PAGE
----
- Install non-slip flooring to prevent accidental falls caused by wet floors. Alternatively, consider installing rubber mats in high-risk areas.
- Place “Caution – slippery floor” signs in areas being cleaned or where there is a risk of a fall.
- Ensure benches and other furniture don’t have wood splinters that can cause slivers. Check them regularly to promptly identify and eliminate nails or screws that might be sticking out.
- Only use safety glass in shower stalls or bathtubs.
- Install ground-fault circuit interrupter (GFCI) outlets to plug in electrical appliances.
- Washrooms with automatic-flush urinals must also be equipped with floor drains.
- There must be at least one sink in washrooms with one or two toilets or urinals. Install at least one more sink for every two additional toilets or urinals.
Pay particular attention to keeping fitness facilities clean and well maintained to prevent the spread of bacteria such as Staphylococcus aureus or Staph A, and reduce the risk of infectious disease spread via materials and accessories.
Equipment and machines
- Equipment and machines must also be installed, maintained, and used in accordance with the manufacturer’s instructions. Run-down, broken, or poorly maintained equipment can be dangerous. Make sure all equipment and machines undergoes a visual inspection every day to avoid injuries. Pay particular attention to load-bearing parts such as screws, bolts, and cables that support weights.
Instructions such as the following should be posted where necessary:
- Athletic shoes, pants/ shorts, and T-shirts (no tank-tops) must be worn.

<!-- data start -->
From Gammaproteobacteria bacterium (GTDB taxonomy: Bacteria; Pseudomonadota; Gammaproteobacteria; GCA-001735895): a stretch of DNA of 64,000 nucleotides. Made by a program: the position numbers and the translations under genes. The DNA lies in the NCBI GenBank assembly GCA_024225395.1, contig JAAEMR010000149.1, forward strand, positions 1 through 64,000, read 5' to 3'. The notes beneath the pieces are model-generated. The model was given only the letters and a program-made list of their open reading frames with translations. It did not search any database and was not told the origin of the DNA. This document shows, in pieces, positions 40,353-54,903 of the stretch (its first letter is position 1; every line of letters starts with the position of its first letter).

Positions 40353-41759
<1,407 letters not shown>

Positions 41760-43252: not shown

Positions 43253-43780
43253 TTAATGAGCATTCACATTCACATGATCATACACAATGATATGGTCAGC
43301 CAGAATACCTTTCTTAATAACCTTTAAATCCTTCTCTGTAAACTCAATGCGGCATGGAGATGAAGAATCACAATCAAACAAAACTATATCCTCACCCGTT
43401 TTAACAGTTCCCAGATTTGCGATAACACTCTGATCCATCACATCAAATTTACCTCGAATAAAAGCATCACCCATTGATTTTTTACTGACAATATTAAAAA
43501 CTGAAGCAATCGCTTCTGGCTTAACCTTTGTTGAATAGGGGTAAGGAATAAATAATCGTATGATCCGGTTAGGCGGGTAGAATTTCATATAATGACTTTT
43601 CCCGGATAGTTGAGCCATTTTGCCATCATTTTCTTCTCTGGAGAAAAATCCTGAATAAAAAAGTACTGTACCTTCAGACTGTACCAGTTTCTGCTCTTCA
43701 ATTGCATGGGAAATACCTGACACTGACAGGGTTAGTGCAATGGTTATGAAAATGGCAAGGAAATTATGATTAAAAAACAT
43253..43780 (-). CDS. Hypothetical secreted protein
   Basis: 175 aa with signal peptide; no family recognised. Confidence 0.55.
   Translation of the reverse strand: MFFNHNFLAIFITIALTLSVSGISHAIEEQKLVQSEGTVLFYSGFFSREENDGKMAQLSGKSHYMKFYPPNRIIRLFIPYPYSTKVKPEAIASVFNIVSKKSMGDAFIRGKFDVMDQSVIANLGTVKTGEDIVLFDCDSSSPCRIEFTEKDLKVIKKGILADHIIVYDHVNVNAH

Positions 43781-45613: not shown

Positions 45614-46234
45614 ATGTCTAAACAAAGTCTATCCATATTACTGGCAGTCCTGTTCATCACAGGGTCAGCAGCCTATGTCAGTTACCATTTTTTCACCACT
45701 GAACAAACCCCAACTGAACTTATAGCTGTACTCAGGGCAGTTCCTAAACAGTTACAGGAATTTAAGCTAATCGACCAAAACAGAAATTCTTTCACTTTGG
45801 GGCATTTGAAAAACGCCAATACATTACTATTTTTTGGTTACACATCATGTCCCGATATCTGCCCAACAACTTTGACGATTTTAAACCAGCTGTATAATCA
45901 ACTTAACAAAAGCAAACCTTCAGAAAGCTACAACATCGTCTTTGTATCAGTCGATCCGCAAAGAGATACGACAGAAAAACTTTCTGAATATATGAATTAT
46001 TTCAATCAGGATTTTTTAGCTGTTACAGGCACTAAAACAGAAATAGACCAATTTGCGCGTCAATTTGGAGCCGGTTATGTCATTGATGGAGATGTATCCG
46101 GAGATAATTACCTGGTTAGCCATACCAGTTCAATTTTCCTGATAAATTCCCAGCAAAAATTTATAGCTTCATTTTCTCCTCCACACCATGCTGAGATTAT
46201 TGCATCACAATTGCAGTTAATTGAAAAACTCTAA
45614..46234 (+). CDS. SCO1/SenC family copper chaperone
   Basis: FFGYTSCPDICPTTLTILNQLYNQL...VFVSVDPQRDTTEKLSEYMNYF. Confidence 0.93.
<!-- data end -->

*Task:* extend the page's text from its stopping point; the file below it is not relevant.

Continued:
- Boots, coats, and sports bags must be kept in lockers or the changing room.
- Towels must be laid on machine seats or benches and damp surfaces must be wiped down after use.
Water analyses and maintenance
- Make sure pools, spas, and whirlpools are clean and safe. To prevent the spread of dangerous bacteria, viruses, and mildew, they must be sanitized regularly using automated equipment to maintain safe chemical levels.
- Make sure water is tested at least daily and record the test results.
- Some chemical products used to maintain pools, spas, and whirlpools are corrosive. It’s therefore important to check the products’ material data safety sheets to find out about any dangers, warnings and specific precautions. The safety sheet can also tell you how to deal with spills and splatters, and what to do if the product is accidentally ingested.
- To prevent any harmful chemical reactions, chemical products must be stored in a dry place away from organic or combustible materials.
Temperature of a spa or whirlpool
- Spa water temperatures should be kept at safe and comfortable levels and should never exceed 40°C. It’s important to check the temperature regularly, and heaters and thermostats must not be accessible to users.
- Perform sanitation treatments to reduce the quantity of micro-organisms and bacteria.
Power outlets and electrical equipment must not be installed within 1.5 m of pools, spas or whirlpools.
Check out our other prevention fact sheets:
Follow our tips to optimize the performance of your heating system and slash your heating costs!
The more customers you have, the more likely an incident will occur…
Want to learn more?
See our complete list of prevention fact sheets.
In collaboration with
JEAN-JACQUES FOURNEL, safety expert
The information in this fact sheet is of a general nature and is provided for information purposes only. It is not exhaustive. Any action taken after reading this fact sheet should be carried out safely and, if necessary, by an experienced and authorized person.